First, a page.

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LONDONDERRY, N.H. (AP) - New Hampshire Fish and Game officials say a tractor-trailer driver suffered minor injuries after a 19-pound turkey crashed through his windshield on Interstate 93.
Conservation officer Chris McKee says the adult turkey ended up in the cab of the trailer on Tuesday in Londonderry. The turkey had been trying to fly across the highway.
McKee says the truck driver called for help. The turkey died of its injuries on the way to a rehabilitation center.

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RAFAH, Gaza Strip (AP) - Palestinian barber Ramadan Adwan has found a fiery way to trim his client's hair - if they are brave enough.
In his small shop in Rafah in the southern Gaza Strip, Adwan uses careful application of open flames. His creative idea was born from Gaza's frequent power cuts preventing him from using a dryer.
After cutting and combing, the barber applies what he calls "special" lotion and powder to client's heads to protect their skin before using flames from an aerosol can to dry the wet hair.
"The experience strengthens the hair, but it's not permanent as with chemical products. It's just temporary to show a good and nice style," he says.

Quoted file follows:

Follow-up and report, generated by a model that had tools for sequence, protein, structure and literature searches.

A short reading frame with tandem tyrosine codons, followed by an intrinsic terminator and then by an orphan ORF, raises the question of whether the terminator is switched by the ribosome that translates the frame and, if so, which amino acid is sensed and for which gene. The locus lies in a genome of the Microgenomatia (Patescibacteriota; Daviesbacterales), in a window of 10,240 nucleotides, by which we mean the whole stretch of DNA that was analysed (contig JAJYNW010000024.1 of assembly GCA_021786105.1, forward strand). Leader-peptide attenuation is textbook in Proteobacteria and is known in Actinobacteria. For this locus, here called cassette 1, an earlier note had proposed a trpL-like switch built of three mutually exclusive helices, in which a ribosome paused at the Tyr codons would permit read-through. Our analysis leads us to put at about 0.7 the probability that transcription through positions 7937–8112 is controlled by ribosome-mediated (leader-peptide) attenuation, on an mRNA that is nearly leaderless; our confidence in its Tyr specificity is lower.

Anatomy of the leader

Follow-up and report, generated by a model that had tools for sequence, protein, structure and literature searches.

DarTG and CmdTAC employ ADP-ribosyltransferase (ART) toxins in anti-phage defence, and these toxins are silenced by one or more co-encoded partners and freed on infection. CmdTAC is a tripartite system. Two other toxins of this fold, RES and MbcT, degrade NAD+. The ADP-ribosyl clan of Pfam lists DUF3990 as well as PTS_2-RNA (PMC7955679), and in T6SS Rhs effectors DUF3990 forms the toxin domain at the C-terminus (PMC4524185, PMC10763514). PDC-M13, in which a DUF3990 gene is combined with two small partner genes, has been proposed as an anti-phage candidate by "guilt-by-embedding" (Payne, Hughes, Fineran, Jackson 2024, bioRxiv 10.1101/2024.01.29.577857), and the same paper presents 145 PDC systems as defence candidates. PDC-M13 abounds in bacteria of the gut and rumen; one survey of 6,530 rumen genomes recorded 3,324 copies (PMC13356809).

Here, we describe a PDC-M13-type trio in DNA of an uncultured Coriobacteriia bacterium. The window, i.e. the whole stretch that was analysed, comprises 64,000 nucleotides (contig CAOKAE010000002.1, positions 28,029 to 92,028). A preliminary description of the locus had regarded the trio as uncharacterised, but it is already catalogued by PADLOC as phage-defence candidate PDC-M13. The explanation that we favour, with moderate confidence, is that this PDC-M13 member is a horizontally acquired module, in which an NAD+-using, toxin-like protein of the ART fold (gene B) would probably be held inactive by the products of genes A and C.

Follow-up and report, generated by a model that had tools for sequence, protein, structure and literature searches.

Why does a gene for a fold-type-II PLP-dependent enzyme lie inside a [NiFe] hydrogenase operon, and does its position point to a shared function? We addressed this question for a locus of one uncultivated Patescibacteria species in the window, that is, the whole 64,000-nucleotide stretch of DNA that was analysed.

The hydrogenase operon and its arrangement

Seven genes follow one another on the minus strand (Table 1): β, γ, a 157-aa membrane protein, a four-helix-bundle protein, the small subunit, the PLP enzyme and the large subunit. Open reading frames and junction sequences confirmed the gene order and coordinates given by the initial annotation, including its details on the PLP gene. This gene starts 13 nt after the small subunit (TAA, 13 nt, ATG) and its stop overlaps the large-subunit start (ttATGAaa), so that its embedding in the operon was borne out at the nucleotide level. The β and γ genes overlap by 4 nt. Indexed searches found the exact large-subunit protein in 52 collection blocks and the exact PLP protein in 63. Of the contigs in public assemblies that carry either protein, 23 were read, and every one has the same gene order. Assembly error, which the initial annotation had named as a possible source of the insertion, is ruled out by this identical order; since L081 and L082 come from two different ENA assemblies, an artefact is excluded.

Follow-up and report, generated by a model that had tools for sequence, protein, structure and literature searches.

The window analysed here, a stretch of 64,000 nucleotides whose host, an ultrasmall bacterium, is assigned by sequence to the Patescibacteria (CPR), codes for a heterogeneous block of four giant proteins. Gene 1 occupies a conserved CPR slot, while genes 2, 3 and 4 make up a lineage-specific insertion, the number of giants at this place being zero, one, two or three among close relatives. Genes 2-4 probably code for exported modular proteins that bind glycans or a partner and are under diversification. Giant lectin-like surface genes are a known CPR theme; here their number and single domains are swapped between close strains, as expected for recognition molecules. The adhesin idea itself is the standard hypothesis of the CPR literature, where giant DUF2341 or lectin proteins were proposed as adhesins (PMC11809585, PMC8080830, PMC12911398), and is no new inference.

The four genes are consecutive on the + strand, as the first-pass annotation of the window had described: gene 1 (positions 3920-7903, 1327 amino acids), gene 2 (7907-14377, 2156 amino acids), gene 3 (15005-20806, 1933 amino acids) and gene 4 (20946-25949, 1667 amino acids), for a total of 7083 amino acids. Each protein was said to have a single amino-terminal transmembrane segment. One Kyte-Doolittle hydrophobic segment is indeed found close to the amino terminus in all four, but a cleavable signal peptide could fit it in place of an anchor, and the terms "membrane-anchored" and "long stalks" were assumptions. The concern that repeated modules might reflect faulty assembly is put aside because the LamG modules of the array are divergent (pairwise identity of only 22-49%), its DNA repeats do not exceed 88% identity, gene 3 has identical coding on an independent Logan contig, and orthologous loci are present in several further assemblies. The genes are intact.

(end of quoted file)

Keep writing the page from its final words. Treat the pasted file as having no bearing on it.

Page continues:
News about Adwan's hot method has spread across the Gaza Strip and some other barbers began imitating him.
He says applying "fiery" hairstyles requires great attention and experience that not all imitators possess.
The technique is yet another form of resilience displayed by Gaza's 2 million residents, who are entering their 10th year under a blockade. Israel and Egypt imposed the measure after the Islamic militant group Hamas seized the territory in bloody street battles from forces loyal to Palestinian President Mahmoud Abbas. Israel says it is meant to prevent Hamas from getting weapons. Critics condemn it as collective punishment.
AP photographer Khalil Hamra recently visited the barbershop for this photo essay.

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We've told you about the scams where thieves pretend to be from the IRS, and threaten to arrest you if you don't give them money for one reason or another. It happened again, but this time the outcome was hilarious. 
Wisconsin police officer Kyle Roder got a message on his phone, from (who else) a scammer pretending to be from the Internal Revenue Service. He knew it was clearly a scam, so he called the number back. On the other end of the call, a man with a thick accent answered, and said his name was "James Maxwell," then he corrected himself and said "James Johnson."
When Roder called him out, the man said his name was actually James Maxwell Johnson. 
At that point, the man tried to convince Roder to give him money. Throughout the phone call, Roder kept asking pointed questions the scammer would give him evidence that it was actually a scam.